"With the 5 percent consumption tax, perhaps you could say we are carrying heavy budget deficits," Fukuda said. "So we are at a very important juncture, where we have to make up our mind in that respect."
But Jiro Yamaguchi, a professor of political science at Hokkaido University, speculated that it would be difficult for the ruling bloc-led government to agree on a consumption tax hike, and thus drafting the fiscal 2010 budget will be no picnic.
"I find it hard to believe the unpopular Fukuda Cabinet will be able to handle such an issue" as raising the consumption tax, Yamaguchi said. Fukuda may "try to avoid dissolving the Lower House and calling an election for as long as possible, but he will certainly be treading a thorny path."
Despite being troubled with a stagnant support rate and various blows from the opposition camp, Fukuda has managed to dodge most of the bullets in the ordinary Diet session, which was extended for six days.
The Diet session "was disappointing," Yamaguchi said.
"I thought the opposition parties would be stronger and force (Fukuda) into dissolving the Lower House and calling an election," Yamaguchi said. "I guess even an unpopular Cabinet can be hard to knock down if it refuses to budge."
After a long political tug of war with the DPJ, Fukuda was able to appoint Masaaki Shirakawa as Bank of Japan governor. Kiyohiko Nishimura was also sworn in as deputy chief of the BOJ, but the other deputy post remains vacant.
Fukuda and the ruling bloc also used their two-thirds majority in the Lower House and reinstated the higher rates for gasoline and other auto-related taxes for another 10 years, drawing harsh public criticism.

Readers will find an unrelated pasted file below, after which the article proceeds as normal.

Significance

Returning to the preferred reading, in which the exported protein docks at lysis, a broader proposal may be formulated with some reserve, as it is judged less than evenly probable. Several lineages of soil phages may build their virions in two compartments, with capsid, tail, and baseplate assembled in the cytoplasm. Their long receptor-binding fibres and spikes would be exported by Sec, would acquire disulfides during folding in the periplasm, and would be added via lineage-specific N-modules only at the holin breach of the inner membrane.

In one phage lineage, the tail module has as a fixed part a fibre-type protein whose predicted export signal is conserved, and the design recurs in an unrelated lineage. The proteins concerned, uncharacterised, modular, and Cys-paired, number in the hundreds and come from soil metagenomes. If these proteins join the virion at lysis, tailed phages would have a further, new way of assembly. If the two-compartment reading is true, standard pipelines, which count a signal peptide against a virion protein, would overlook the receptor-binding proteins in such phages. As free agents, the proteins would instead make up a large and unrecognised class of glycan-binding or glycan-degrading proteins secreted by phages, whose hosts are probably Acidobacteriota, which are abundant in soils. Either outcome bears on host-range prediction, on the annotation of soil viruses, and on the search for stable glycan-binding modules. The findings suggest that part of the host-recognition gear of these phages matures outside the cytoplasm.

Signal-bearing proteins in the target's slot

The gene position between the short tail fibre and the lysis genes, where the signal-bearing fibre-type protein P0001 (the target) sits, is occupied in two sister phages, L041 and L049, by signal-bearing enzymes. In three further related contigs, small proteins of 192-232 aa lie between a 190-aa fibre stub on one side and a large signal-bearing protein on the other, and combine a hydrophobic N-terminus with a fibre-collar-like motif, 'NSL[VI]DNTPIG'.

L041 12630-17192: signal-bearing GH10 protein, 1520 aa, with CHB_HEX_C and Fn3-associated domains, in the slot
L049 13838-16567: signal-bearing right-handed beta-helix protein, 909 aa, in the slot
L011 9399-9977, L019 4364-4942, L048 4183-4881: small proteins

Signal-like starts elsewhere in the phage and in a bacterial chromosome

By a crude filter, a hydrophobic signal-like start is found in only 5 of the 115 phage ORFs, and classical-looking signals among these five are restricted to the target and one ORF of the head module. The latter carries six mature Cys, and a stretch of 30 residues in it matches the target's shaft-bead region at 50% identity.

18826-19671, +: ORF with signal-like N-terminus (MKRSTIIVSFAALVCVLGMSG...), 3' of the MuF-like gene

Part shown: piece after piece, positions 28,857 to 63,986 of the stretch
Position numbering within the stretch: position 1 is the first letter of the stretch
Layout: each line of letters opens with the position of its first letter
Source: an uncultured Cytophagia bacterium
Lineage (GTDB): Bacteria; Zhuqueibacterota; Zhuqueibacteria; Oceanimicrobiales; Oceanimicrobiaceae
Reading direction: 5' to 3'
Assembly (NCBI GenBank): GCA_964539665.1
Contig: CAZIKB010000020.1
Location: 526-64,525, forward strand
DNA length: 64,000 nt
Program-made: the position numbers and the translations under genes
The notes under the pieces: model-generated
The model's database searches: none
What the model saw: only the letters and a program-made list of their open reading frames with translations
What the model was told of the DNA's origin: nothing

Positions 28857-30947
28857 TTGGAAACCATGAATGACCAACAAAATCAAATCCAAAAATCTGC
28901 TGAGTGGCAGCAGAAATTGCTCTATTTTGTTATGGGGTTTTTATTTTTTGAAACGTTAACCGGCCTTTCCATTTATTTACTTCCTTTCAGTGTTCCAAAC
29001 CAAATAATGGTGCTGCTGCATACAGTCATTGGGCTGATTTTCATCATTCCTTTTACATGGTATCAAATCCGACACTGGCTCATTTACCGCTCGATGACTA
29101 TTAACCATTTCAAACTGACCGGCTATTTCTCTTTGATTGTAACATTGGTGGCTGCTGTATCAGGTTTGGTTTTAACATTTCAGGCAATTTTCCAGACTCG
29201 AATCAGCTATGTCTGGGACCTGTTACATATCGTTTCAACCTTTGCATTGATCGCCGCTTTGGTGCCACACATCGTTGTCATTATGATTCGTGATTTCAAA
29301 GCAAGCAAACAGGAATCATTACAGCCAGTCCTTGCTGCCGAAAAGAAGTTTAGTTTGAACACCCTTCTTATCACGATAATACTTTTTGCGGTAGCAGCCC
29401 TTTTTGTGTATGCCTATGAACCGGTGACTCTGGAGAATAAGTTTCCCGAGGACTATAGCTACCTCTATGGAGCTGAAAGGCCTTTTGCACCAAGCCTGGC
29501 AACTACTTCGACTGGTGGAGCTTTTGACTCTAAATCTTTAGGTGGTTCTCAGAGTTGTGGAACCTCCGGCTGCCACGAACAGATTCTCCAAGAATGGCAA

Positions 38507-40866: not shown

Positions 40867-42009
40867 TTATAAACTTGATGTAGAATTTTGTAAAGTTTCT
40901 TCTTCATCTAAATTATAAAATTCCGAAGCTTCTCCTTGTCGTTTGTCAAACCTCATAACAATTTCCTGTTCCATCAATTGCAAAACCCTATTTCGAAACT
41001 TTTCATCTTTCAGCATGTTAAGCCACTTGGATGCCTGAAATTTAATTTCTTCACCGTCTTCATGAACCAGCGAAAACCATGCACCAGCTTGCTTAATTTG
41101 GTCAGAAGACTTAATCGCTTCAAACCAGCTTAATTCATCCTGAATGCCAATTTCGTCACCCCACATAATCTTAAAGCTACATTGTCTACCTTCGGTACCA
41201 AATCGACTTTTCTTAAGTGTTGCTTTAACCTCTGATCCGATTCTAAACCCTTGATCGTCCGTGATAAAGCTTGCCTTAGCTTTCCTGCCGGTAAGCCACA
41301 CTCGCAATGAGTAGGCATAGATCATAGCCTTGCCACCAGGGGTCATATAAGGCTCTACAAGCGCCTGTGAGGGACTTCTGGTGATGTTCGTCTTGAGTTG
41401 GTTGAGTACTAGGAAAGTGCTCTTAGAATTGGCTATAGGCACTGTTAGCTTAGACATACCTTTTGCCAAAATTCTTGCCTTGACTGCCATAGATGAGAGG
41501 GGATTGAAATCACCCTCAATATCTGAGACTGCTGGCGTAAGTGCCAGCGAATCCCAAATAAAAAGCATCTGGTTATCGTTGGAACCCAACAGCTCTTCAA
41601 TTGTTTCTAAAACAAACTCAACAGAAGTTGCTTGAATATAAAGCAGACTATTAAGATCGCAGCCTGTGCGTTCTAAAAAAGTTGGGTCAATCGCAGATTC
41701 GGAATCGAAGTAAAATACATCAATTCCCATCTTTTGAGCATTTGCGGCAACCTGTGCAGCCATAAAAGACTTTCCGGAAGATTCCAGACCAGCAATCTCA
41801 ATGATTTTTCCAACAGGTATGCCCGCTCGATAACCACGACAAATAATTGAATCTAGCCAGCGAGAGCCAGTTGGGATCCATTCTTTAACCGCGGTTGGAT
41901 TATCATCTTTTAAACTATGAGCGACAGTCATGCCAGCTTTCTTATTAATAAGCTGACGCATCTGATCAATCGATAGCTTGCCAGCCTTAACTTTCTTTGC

Amid strong protests from the DPJ, the "provisionally" added rates on gasoline and other auto-related taxes expired temporarily at the end of March, bringing down pump prices by about ¥25. The rates were imposed in the 1970s as a temporary step to solely fund road construction and have been in place ever since.
Fukuda, on the other hand, compromised and announced he would free up the road-related taxes from fiscal 2009 so the revenue can be used for other purposes.
Other positive moves included the passage of a Diet resolution to recognize the Ainu as indigenous, Japan's vote for the banning of cluster bombs and increasing financial aid for Africa.
"I think that (Fukuda) was troubled because of his unpopularity and felt a sense of urgency to do something," Yamaguchi said. "The Fukuda Cabinet can only win points through diplomacy, and that is the limitation of his government — because, for the public, it is the daily issues that they relate to, not about helping Africa."
Critics agree Fukuda will avoid dissolving the Lower House as long as possible, even perhaps to the end of its members' term in September 2009.
But Yamaguchi said that after the Hokkaido summit, both the LDP and DPJ will shift gears and start preparing for the post-Fukuda era.
Analysts say the LDP may try to install former Defense Minister Yuriko Koike or ex-Foreign Minister Taro Aso, both popular with the public, to head the LDP, and hence become prime minister, in order to win the next general election.
For its part, the DPJ has a presidential election coming up this September. It may decide to keep Ozawa, who helped the party seize a landslide victory last July in the Upper House election but lost some of its members' trust after shaking hands with Fukuda behind closed doors to form a "grand coalition" — a plan DPJ executives vetoed. Or it may choose someone else.
The decision is crucial for the DPJ because if it wins a majority in the next general election, it will finally seize control of the government, which has been run almost exclusively by the LDP since the end of World War II. But it's not going to be easy, Yamaguchi warned.
"In order for (the DPJ) to win and change government power, it needs to continue the appearance of a showdown," Yamaguchi said. "It is the aim of the opposition party not to reach an agreement with the ruling bloc and realize policies in the Diet — it needs to confront the ruling bloc."